The Peace Movement

The peace movement in the United States was influenced heavily by the Civil Rights movement of the early 1960’s. Especially influential was the Student Nonviolent Coordinating Committee (SNCC), which worked to oppose racial segregation in the southern states. Students of all races who had been active in the Civil Rights movement through freedom rides, boycotts, and voter-registration projects learned to demonstrate their discontent through nonviolent protest.

While the U.S. government sought a military solution in Vietnam and mechanisms to contain dissent at home, the peace movement criticized U.S. domestic and foreign policies in social, political, and cultural terms.

The peace movement in the United States was influenced heavily by the Civil Rights movement of the early 1960’s. Especially influential was the Student Nonviolent Coordinating Committee (SNCC), which worked to oppose racial segregation in the southern states. Students of all races who had been active in the Civil Rights movement through freedom rides, boycotts, and voter-registration projects learned to demonstrate their discontent through nonviolent protest.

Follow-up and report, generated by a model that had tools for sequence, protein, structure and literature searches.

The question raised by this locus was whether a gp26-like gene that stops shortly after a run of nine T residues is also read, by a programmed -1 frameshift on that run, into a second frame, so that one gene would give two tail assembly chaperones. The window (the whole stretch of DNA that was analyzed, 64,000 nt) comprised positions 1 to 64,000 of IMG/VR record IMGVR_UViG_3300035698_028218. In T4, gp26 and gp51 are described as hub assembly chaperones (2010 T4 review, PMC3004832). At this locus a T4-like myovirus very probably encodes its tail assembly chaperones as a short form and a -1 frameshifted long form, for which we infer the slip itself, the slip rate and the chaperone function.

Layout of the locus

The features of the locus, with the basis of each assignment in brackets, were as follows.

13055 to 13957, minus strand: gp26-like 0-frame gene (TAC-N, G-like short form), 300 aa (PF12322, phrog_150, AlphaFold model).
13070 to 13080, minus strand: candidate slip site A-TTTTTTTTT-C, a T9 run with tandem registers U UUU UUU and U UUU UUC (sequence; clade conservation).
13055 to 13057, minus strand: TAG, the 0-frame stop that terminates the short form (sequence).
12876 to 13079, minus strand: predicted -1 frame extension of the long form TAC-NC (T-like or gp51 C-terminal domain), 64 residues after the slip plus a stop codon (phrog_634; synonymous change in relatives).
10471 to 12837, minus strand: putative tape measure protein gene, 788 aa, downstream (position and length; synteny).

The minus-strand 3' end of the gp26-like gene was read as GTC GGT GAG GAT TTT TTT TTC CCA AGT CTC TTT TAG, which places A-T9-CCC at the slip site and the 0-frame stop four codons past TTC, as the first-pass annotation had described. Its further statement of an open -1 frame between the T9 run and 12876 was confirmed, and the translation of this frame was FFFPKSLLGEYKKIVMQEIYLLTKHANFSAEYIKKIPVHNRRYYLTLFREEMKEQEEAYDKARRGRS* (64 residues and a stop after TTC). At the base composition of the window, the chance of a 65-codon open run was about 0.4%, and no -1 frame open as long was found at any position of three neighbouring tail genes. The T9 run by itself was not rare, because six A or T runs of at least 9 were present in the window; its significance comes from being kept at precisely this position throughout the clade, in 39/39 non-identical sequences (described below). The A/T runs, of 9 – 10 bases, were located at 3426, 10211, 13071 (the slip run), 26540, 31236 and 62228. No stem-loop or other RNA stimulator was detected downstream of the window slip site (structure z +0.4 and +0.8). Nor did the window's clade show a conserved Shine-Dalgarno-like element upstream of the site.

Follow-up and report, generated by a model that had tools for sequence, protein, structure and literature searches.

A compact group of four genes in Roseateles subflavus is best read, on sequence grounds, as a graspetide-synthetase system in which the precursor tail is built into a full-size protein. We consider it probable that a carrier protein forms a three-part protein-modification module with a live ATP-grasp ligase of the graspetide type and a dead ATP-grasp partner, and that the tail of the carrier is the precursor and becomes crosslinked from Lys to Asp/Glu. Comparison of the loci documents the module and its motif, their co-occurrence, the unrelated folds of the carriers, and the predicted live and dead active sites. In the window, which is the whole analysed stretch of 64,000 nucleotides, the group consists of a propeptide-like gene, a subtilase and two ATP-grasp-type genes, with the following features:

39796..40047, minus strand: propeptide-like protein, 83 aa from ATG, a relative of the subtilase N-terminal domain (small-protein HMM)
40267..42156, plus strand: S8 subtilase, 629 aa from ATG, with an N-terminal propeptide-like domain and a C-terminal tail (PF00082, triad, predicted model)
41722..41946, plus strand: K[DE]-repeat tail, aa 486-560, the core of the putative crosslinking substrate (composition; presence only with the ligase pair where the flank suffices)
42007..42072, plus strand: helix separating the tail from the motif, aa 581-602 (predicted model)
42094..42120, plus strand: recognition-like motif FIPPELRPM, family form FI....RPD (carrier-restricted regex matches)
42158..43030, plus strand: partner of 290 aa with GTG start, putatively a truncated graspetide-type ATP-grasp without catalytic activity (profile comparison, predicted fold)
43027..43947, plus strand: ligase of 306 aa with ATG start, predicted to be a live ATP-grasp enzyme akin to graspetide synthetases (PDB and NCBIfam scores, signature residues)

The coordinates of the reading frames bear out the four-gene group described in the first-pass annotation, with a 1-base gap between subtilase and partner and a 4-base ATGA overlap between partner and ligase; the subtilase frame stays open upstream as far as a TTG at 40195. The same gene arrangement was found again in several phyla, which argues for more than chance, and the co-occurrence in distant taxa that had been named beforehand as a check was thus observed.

Students for a Democratic Society (SDS) became one of the largest organizations associated with the peace movement during the late 1960’s. In 1962, leaders of SDS drafted the Port Huron statement, which called for nonexclusion of socialist and communist groups and for participatory, grass-roots democracy. The rejection of “red-baiting” and promotion of democratic decision making and nonexclusion by SDS became hallmarks of the peace movement and were used to define a “New Left,” which rejected dogma and the fragmentation of the “Old Left.” The prominence of SDS dramatically increased as a result of its decision to protest the U.S. intervention in Vietnam by sponsoring the first national demonstration against the war in Washington, D.C., and by organizing teach-ins, at which people would hear the SDS perspective on Vietnam and U.S. policy. By June, 1969, however, SDS had become factionalized to the point that it dissolved.

Supporters of the Movement